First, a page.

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The Salcombe Disaster: remembering one of the worst tragedies in RNLI history

The town of Salcombe has held a memorial service for the crew who lost their lives in one of the worst tragedies in the RNLI's history - a hundred years ago.

100 years ago, these waters took the lives of 13 people Credit: ITV News

The Salcombe Disaster

On the 27th of October 1916, an RNLI crew went to the aid of the Schooner, the Western Lass.

The lifeboat crew all lived in Salcombe - and had a 25 to 30 minute run to get to the lifeboat station at South Sands to launch the boat.

It was early morning, dark, and the sea conditions were treacherous.

These artist impressions show how perilous the sea was

The rough weather caused communication systems to break down, so as the RNLI began the row towards Prawle Point, they had no idea those on the Western Lass had already been rescued.

These images show the moment a great wave capsized the William and Emma - drowning most of the crew.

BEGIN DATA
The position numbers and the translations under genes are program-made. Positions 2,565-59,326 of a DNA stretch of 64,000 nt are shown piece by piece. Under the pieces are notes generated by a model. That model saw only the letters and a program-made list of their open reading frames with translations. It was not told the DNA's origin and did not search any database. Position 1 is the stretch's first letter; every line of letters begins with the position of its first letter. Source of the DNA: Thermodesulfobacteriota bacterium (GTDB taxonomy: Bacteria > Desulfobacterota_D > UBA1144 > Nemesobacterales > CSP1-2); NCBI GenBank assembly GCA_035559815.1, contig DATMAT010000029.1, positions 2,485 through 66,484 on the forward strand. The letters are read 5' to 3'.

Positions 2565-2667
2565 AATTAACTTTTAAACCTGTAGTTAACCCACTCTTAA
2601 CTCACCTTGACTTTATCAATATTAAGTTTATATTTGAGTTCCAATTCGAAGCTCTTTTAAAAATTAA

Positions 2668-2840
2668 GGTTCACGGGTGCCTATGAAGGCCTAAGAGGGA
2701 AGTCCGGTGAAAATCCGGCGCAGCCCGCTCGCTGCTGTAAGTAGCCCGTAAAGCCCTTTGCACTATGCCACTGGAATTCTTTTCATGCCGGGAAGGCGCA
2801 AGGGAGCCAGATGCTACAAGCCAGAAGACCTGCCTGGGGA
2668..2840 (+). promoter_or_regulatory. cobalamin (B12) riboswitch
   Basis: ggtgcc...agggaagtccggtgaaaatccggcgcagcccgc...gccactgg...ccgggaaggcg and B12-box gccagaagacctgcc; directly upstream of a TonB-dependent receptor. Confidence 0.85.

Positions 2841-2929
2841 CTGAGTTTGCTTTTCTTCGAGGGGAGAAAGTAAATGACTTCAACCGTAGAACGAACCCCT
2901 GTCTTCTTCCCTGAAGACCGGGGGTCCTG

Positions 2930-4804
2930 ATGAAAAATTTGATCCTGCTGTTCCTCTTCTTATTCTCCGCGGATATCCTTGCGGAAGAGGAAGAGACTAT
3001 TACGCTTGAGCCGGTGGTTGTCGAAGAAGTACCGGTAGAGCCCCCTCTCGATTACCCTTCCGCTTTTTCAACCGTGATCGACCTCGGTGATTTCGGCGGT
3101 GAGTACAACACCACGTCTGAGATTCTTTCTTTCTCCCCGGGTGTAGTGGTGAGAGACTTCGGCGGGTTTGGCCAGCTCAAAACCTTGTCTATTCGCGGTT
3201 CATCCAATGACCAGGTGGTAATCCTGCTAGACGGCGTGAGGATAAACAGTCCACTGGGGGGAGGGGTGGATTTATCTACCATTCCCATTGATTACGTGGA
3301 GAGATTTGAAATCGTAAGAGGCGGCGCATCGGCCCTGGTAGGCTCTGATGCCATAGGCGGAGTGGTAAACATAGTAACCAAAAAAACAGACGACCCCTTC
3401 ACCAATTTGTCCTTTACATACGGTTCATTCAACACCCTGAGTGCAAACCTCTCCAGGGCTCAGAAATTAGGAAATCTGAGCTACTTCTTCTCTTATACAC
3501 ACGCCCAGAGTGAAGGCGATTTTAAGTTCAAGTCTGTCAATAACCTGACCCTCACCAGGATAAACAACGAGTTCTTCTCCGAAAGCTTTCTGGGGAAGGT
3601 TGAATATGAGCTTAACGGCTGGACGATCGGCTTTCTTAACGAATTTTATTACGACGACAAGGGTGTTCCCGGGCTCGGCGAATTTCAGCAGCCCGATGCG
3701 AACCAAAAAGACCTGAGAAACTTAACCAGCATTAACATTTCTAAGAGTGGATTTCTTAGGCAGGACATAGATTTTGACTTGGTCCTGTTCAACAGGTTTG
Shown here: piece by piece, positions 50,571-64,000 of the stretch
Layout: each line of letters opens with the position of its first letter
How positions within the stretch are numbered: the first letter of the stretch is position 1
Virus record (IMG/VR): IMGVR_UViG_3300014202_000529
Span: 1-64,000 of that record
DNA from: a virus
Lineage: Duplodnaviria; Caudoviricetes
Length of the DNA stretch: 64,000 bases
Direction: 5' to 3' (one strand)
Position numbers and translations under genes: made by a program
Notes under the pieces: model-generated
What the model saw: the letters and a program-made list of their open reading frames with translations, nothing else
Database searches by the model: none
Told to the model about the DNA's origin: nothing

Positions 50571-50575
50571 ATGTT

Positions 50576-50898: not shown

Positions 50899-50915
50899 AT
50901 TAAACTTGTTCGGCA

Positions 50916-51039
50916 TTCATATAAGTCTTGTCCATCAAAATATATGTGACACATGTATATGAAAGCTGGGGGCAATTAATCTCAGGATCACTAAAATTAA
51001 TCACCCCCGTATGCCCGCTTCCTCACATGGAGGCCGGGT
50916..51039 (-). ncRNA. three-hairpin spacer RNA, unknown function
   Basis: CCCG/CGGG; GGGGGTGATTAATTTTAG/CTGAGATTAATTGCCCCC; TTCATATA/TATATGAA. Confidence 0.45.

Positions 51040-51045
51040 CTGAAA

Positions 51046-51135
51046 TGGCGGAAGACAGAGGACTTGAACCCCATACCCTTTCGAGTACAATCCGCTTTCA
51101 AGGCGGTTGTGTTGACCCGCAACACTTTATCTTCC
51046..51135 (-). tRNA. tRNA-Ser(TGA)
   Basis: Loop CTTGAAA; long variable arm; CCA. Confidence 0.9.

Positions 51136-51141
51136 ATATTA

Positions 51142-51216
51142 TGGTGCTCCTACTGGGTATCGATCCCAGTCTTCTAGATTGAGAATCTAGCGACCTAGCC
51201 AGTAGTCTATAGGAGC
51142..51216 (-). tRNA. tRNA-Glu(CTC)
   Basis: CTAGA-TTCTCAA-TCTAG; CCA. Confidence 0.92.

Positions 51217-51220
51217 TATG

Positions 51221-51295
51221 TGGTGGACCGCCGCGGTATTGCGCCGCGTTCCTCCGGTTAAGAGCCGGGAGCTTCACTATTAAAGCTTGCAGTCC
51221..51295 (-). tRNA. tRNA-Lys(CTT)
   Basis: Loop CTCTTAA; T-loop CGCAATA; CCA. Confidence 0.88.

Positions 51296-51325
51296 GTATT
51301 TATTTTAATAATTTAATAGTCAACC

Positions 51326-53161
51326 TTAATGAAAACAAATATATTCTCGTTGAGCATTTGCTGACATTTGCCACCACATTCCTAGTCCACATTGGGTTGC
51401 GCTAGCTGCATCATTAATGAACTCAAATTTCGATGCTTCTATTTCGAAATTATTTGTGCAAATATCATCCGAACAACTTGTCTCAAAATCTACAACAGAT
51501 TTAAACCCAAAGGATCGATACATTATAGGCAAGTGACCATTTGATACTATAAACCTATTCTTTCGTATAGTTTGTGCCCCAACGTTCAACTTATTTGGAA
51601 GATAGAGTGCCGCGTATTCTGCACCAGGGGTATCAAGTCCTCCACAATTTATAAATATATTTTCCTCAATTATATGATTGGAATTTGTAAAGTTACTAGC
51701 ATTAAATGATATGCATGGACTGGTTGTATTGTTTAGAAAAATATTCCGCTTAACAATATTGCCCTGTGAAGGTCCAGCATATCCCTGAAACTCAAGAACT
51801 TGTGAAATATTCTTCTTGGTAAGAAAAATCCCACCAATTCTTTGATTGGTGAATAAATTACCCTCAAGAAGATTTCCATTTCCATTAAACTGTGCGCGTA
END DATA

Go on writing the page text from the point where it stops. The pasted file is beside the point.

All but two of the crew died that morning.

Thirteen of the crew on board the William and Emma died

One survivor was Eddie Distin. His great-grandson has now followed in his footsteps, becoming an RNLI crewman.

James Cooper showing our reporter the spot where the boat capsized Credit: ITV West Country

What I've heard through family members is that he found it very difficult after the incident...losing 13 of your close friends, your peers...

I think it must have been a hard decision to [become a Coxswain] but I think that's why he did it - to carry on their legacy and carry on what he'd been doing.

– JAMES COOPER, RNLI

For today's crew, honouring the memory of their colleagues is incredibly important.

9 of those killed were fishermen, their loss practically wiping out Salcombe's fishing fleet.

There was something very sad and very poignant about the loss, thousands of men were lost on the Western Front and we remember them, but there seems to be something very special about the loss of those 13 men who gave up their lives doing their duty...

not fighting against a sort of mortal foe but battling against the sea and making the ultimate sacrifice.

– Roger Barrett, Author, 'The Salcombe Lifeboat Disaster'

These three headstones tell the tragic story three crew members, all from the same family, who died.

Credit: ITV West Country

On that fateful day 100 years ago, Emily Foale lost her husband and both her sons to the sea.

What they left behind though, was a community that will never forget them.